Miller's Law Posted 9/10/15 by Dr. Miller

In 1956 George A. Miller published a paper that would become one of the most cited works in the history of psychology.  The paper on cognitive psychology described the number of items a person can hold in their working memory at one time as 7, plus or minus 2.

The affects of the study had profound influence on developments in many fields.   For example, when the number of telephones in America increased to a point where all possible combinations of 3 and 4 digit phone numbers had been used, numbers had to be expanded in length.  When the decision to expand was made, Miller’s theory influenced the decision.  Phone numbers were increased to seven digits.  This worked until the combinations for seven digits where approaching maximization.  Area codes were incorporated at that point.

Miller’s theory also influenced neurological testing for mental status.  Asking a patient to memorize a seven-digit number early in an exam and repeat it back to the examiner later became a standard test for short-term memory.  Short-term memory is normal if seven digits can be learned quickly and repeated shortly after memorization. 

For this test, I use the primary seven digits of my office phone number.  The examiner can pick any seven-digit number.  However, a word of caution must be given prior to the selection of the number, do not use 867-5309.

Roaming Orthopedic Tests Posted 8/12/15 by Dr. Miller

I was speaking with a doctor recently about shoulder diagnostics. We were discussing orthopedic tests and I asked if he used O’Donoghues Maneuver as part of his exam protocol. He looked confused and asked, “Isn’t that a cervical test?”

I responded by saying, “It is traditionally described for cervical pathologies, mainly differentiation between sprains and strains. It can also aid in the of assessment range of motion. However, it can be used for other joints or regions.

O’Donoghues is performed by having the patient move a joint or series of joints actively through their ranges of motion. This is followed by the examiner passively moving the same joint(s) through their ranges of motion. Pain during active movement could be due to strain and/or sprain. Pain during passive movement is thought to be due to sprain since the muscles are not active and less likely to cause pain. It isn’t the most accurate of tests. Realistically, every movement hurts with bad sprains and strains.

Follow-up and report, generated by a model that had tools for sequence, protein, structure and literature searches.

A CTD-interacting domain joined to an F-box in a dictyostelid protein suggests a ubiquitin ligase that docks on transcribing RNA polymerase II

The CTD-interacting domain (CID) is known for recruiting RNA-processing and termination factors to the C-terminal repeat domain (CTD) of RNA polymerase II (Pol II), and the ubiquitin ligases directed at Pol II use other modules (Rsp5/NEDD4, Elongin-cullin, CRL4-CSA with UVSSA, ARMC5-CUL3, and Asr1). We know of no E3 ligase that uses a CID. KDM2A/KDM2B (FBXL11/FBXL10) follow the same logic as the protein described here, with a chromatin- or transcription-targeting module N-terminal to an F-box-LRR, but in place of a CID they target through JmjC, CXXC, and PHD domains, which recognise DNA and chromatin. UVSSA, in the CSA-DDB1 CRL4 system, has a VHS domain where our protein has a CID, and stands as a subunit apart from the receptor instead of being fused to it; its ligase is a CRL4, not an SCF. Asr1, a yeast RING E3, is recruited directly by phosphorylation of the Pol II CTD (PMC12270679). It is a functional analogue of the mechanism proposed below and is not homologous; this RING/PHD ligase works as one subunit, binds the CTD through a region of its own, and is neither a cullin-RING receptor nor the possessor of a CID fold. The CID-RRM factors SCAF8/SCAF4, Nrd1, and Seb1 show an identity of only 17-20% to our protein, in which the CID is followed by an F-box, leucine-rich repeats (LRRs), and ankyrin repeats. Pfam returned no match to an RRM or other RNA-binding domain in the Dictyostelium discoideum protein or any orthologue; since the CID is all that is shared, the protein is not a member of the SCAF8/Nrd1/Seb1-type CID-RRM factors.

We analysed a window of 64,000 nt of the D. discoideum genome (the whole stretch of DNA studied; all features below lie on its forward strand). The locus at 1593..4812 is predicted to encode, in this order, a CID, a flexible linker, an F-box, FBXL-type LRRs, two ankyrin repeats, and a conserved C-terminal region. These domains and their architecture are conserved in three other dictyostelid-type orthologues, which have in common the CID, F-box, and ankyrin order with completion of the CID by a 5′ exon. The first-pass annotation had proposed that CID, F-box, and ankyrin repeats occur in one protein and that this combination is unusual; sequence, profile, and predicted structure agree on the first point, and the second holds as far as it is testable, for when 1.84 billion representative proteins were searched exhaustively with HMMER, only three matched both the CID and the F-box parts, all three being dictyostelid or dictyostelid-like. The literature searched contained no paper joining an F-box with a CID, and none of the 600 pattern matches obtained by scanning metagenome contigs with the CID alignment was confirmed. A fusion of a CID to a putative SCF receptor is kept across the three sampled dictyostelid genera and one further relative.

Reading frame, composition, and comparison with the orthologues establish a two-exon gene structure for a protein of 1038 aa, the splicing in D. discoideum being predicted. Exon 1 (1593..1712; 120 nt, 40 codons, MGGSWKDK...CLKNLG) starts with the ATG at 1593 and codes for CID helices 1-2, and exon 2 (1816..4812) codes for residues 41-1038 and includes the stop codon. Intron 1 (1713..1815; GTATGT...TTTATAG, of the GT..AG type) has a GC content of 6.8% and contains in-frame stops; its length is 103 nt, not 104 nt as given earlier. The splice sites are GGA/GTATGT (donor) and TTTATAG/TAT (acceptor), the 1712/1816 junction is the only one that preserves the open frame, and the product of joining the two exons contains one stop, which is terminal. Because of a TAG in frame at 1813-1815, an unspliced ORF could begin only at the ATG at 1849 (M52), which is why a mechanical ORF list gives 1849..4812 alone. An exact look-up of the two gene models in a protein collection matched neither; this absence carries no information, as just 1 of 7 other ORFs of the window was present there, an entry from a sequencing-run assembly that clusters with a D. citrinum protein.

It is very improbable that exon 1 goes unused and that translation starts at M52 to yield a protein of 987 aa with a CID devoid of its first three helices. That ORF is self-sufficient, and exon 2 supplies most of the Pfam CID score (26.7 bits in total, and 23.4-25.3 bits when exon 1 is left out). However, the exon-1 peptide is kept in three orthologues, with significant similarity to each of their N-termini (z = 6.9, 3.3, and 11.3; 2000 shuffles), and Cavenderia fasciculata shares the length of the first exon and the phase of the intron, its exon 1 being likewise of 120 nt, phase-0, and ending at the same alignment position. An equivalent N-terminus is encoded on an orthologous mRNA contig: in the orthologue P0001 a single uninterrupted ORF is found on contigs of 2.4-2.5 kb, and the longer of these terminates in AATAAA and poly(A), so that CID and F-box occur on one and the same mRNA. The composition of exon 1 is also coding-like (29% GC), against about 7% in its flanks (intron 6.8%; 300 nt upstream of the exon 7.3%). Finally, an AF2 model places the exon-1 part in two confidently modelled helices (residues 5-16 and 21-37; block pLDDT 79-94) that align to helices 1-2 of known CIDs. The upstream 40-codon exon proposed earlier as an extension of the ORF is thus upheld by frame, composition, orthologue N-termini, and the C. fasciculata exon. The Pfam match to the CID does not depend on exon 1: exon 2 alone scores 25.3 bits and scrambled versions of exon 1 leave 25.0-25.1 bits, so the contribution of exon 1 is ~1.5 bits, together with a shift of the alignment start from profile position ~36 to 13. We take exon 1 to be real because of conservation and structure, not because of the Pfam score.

In some texts books it is stated that if large differences in active and passive ranges of motion are noted, the patient should be assessed further for the possibility of malingering. The ranges should be reasonably close despite pain.

I refer to O’Donoghues test as a roaming orthopedic test. This means the test can be applied, in principle, to any joint or series of joints where active and passive range of motion is possible.

There are three other common tests in the roaming category; apprehension tests, valgus stress tests and varus stress tests.

Apprehension tests are described routinely for the shoulder and patellar joints. The tests are performed by “slowly” maneuvering a joint into a position that could reproduce a previous dislocation. When the patient feels the joint approach this position, he becomes apprehensive, and resists further movement in fear of another dislocation.

While the shoulder and patellar joints are common sites of dislocation, the test can be performed for any joint that has been dislocated and in a sense, for any joint that is unstable.

There are two keys to performing apprehension tests. The first, the doctor’s movements must be slow to prevent sudden dislocation. The second, the doctor must watch the patient’s face for apprehension. I have seen more than one book where the doctor depicted in the text is staring at the shoulder being tested.

Valgus and varus stress tests also roam. The tests can be performed for any joint where flexion and extension are the primary ranges of motion and the joint has collateral ligaments or ligaments that serve as collateral ligaments.

For valgus stress testing, the body part distal to the joint being tested is moved away from the midline of the body or laterally. This tests the medial collateral ligament for sprain.

For varus stress testing the body part distal to the joint being tested is moved toward the midline of the body or medially. This tests the lateral collateral ligament for sprain.

The tests can be performed with the joints in their fully extended position and with the joints in approximately 30 degrees of flexion. The fully extended position is considered less accurate as in this position other structures (the bony configuration of the joints) help stabilize the joint making it difficult to detect collateral instability.

Valgus and varus stress tests are associated with the knee and elbow where true collateral ligaments are found. The tests are also associated with the ankle where the deltoid (medial) ATFL, CFL and PTFL (lateral) ligaments serve as collateral ligaments. The tests can also be employed for digits (fingers and toes).